May 16, 2018
What pushes a 51 year-old decorated World War II veteran to burn the American flag? In June of 1966, Sidney Street heard the news that James Meredith, an icon of the Civil Rights Movement, had been shot on the second day of his March Against Fear. Street, an African American himself, burned the flag and was arrested. Street declared, “If they let that happen to Meredith, we don’t need an American flag.” So sparked the question of whether the government can punish someone for using words to defile or disrespect an American flag.
In this episode of Make No Law, the First Amendment Podcast by Popehat.com, host Ken White examines Street v. New York, the Supreme Court case which concluded that the First Amendment allows freedom of expression towards the American flag -- if not yet the right to burn it. The episode features the input of Professor Aram Goudsouzian, the chair of the History Department at the University of Memphis, and the author of the book “Down to the Crossroads: Civil Rights, Black Power, and the Meredith March Against Fear.”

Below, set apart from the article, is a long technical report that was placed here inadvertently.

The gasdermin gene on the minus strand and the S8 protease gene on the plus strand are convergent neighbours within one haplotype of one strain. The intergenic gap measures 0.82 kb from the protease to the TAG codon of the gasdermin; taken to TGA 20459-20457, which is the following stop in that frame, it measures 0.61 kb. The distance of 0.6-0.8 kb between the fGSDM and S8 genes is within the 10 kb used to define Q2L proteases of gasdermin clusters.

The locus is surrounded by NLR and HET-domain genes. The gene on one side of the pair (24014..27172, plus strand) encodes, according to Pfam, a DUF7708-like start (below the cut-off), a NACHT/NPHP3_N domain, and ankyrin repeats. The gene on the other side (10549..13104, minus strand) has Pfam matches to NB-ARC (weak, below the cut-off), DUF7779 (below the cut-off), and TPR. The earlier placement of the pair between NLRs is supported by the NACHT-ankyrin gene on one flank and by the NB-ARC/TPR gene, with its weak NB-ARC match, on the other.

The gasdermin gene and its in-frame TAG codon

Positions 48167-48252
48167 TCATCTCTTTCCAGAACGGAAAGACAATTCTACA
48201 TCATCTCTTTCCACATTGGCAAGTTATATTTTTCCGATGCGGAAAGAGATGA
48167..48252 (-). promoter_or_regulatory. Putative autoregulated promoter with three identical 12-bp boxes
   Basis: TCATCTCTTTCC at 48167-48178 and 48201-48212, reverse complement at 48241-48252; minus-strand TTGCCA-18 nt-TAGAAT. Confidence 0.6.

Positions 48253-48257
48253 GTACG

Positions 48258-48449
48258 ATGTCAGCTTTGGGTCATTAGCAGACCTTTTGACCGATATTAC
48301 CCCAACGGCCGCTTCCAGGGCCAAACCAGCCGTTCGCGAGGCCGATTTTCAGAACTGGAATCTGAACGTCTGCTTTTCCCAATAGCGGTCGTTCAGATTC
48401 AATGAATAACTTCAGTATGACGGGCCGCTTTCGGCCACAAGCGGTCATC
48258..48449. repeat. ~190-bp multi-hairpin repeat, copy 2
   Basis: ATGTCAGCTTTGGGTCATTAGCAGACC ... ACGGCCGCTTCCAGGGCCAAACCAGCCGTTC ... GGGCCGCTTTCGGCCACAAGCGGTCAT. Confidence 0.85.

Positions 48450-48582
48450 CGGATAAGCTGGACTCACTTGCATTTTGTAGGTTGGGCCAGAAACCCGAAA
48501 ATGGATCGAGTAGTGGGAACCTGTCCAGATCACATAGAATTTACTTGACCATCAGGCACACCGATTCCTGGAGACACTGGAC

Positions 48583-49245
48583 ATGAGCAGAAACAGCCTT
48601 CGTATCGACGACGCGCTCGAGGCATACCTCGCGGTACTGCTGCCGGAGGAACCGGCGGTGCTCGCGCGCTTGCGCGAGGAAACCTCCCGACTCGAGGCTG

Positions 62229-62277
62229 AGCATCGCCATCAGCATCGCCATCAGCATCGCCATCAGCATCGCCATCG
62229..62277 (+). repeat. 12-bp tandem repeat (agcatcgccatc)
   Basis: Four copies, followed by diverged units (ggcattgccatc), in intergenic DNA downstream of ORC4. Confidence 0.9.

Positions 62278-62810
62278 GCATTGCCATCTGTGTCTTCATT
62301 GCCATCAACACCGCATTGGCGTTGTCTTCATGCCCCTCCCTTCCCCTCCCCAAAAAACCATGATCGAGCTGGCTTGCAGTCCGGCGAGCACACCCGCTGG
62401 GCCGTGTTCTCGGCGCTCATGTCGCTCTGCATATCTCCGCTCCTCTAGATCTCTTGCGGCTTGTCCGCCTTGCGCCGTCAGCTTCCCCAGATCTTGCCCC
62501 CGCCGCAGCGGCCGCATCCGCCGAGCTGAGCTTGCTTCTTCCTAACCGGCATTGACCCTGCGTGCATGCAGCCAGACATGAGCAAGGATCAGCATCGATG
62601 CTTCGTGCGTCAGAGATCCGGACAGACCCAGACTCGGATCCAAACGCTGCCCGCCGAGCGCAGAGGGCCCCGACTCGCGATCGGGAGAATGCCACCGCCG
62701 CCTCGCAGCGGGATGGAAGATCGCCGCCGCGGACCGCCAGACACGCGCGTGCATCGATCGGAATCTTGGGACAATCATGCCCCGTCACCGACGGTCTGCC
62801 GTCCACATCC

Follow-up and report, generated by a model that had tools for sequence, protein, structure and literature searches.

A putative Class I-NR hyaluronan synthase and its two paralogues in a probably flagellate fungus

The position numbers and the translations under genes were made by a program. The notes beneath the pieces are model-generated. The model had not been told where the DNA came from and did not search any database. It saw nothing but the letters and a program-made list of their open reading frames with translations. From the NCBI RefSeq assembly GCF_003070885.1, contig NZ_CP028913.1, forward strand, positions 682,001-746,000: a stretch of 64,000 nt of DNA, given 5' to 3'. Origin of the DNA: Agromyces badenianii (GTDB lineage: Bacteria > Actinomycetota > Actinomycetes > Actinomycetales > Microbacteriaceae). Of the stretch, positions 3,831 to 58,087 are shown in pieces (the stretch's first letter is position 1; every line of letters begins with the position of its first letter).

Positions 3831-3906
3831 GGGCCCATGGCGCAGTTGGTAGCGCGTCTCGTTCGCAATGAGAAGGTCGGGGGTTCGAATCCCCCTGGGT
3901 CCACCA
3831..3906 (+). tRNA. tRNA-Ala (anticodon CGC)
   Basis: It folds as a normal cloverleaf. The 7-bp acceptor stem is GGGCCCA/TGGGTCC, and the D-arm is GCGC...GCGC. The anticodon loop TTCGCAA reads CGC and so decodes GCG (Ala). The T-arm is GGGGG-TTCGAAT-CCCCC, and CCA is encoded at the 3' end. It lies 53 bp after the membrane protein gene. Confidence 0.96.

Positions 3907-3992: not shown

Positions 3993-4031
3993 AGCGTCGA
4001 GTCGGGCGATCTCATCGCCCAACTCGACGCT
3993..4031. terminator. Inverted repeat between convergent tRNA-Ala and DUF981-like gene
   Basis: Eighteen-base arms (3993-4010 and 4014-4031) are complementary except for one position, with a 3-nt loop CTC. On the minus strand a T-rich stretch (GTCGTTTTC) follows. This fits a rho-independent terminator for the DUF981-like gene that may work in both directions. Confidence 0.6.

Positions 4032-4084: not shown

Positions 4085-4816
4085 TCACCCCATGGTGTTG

The episode also features a listener question from Ben Olson about the inclusion of the word “Congress” in the First Amendment -- if the First Amendment says it only applies to Congress, why is it applied to protect us from action by state and local government? This question leads Ken to discuss the Fourteenth Amendment and the Incorporation Doctrine. If there’s a case you want to hear about, or a First Amendment question you’d like answered on the podcast, email Ken at firstname.lastname@example.org.